TexNet_300x50_Oct2016
CoastalNetting_300x50_Feb2020
Wittek_300x50_July2019

January 14, 2013

Nick Wolfe: Kick Off the Golf Season With a Big Range Event

Nick-WolfeNick Wolfe, the 2009 Philadelphia PGA Section Merchandiser of the Year for Private Facilities and winner of the 2006 Southern Ohio PGA Section Bill Strausbaugh Award, is the PGA director of golf at Waynesborough Country Club in Paoli, Pa.

Nick Wolfe on the importance of kicking off the golf season with a big range event:
On the first Sunday of March, we hold our annual Dog Race on the range. It is coordinated by our general manager, Jack Molinaro, and each year members bring their dogs to compete. We have Newfoundlands running against Jack Russell Terriers, Golden Retrievers and other breeds. We lay out a straight, level track, and there are three heats, with the winner of each competing for the title of Grand Champion. Each of the three finalists receive a trophy and ribbon, but only the Grand Champion gets its name on the board in our clubhouse, alongside the Club Champions. We also take pictures of the winning dog with its family and run those on our website and in our newsletter to create even more excitement. Some years we have added other competitions such as Best Trick or Best Dressed, where people dress their dogs in Eagles or Phillies outfits or as ballerinas, and the winner gets a $25 gift certificate to Boxers, a local upscale pet store. In addition, we serve free coffee and donuts, as well as homemade biscuits for the dogs, and people can purchase a Bloody Mary or champagne. When you have 40 dogs charging down the track, it’s very exciting, and a lot of times the finish is determined by inches; or a nose, you might say.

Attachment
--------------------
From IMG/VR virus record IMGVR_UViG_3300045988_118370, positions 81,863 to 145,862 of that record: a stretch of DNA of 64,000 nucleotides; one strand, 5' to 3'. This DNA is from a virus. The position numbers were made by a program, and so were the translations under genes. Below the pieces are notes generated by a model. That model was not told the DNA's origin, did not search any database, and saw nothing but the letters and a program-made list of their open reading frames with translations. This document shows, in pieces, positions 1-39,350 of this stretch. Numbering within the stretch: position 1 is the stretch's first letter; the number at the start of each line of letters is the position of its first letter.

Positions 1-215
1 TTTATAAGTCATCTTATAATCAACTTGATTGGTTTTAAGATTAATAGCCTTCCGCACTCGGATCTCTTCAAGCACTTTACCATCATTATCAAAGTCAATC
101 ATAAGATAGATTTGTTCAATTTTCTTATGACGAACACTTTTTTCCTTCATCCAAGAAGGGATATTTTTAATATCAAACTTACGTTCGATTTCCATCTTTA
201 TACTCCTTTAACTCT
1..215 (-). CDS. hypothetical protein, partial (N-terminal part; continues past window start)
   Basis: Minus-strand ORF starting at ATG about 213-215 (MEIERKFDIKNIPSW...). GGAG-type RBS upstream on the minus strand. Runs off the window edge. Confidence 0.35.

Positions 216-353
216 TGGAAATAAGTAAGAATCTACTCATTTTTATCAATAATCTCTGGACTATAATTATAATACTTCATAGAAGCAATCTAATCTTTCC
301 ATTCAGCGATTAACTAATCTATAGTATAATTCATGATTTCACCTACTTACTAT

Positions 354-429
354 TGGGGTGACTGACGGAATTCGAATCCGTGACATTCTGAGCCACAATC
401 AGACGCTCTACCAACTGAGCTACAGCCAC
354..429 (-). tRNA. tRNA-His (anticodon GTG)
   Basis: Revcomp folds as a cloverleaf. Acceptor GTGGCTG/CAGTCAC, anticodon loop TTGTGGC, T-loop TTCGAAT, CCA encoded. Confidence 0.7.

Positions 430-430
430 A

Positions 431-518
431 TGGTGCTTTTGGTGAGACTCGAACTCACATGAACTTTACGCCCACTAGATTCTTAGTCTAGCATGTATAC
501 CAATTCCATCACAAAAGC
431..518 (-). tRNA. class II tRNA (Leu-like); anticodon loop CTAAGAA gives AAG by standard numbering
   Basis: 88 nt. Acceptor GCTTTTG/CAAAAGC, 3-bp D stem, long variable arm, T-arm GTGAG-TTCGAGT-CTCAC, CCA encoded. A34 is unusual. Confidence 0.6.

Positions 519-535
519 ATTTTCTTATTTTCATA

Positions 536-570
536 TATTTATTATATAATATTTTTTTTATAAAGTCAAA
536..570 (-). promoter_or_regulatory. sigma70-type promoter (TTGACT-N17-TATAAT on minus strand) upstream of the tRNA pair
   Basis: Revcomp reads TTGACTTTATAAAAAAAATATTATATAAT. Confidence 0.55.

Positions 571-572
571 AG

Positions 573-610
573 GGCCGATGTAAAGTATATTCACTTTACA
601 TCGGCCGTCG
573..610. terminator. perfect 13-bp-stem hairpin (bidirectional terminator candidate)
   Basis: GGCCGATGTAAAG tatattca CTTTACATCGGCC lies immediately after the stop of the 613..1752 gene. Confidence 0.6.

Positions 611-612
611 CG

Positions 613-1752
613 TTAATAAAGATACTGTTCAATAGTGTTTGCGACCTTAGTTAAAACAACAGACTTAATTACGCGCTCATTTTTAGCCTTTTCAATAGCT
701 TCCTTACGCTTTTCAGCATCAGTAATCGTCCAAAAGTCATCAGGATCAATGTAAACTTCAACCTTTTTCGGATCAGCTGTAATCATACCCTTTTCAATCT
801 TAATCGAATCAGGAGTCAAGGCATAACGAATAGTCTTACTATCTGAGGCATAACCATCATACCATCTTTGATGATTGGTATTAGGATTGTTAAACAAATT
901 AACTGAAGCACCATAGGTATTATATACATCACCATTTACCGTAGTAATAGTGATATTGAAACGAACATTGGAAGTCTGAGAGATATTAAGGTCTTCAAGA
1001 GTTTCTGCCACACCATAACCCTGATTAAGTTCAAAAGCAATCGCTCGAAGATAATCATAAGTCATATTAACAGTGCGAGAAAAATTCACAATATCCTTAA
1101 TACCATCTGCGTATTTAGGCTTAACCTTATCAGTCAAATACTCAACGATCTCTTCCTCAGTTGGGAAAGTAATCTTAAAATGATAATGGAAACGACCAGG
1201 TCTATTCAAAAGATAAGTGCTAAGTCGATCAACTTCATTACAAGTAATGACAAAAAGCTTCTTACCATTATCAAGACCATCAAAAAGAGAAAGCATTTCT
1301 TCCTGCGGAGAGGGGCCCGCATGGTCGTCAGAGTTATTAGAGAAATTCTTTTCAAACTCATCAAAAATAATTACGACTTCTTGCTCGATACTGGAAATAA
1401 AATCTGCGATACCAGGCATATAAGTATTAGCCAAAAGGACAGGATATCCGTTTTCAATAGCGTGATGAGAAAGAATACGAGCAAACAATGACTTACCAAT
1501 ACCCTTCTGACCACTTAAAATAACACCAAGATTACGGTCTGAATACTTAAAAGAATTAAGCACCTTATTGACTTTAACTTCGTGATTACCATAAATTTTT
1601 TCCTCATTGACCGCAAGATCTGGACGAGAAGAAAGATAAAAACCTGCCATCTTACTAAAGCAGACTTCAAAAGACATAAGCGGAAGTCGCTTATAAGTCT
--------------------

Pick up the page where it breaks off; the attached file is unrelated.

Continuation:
Nick Wolfe on the business impact of kicking off the golf season with a big range event:
The Dog Race, in its fourth year, is not a money maker, but the members love it, and it’s a great way to use the range to create excitement at the facility and get people engaged just before the season kicks off. We get a nice crowd; we went from about a dozen dogs the first year to 40 this year, and we hope to have about 50 for the 2013 event. It’s a great way to get families out to the course, and some of our older members who’ve had dogs and love dogs also come and enjoy the day. We also have animal shelters and other dog-related charitable organizations set up tables or even bring dogs for adoption. One year, a group called Pals for Life, which trains therapy dogs, was also represented. It’s a goodwill event that’s about bringing the family together and benefitting the community, and people ask about it and look forward to it all year.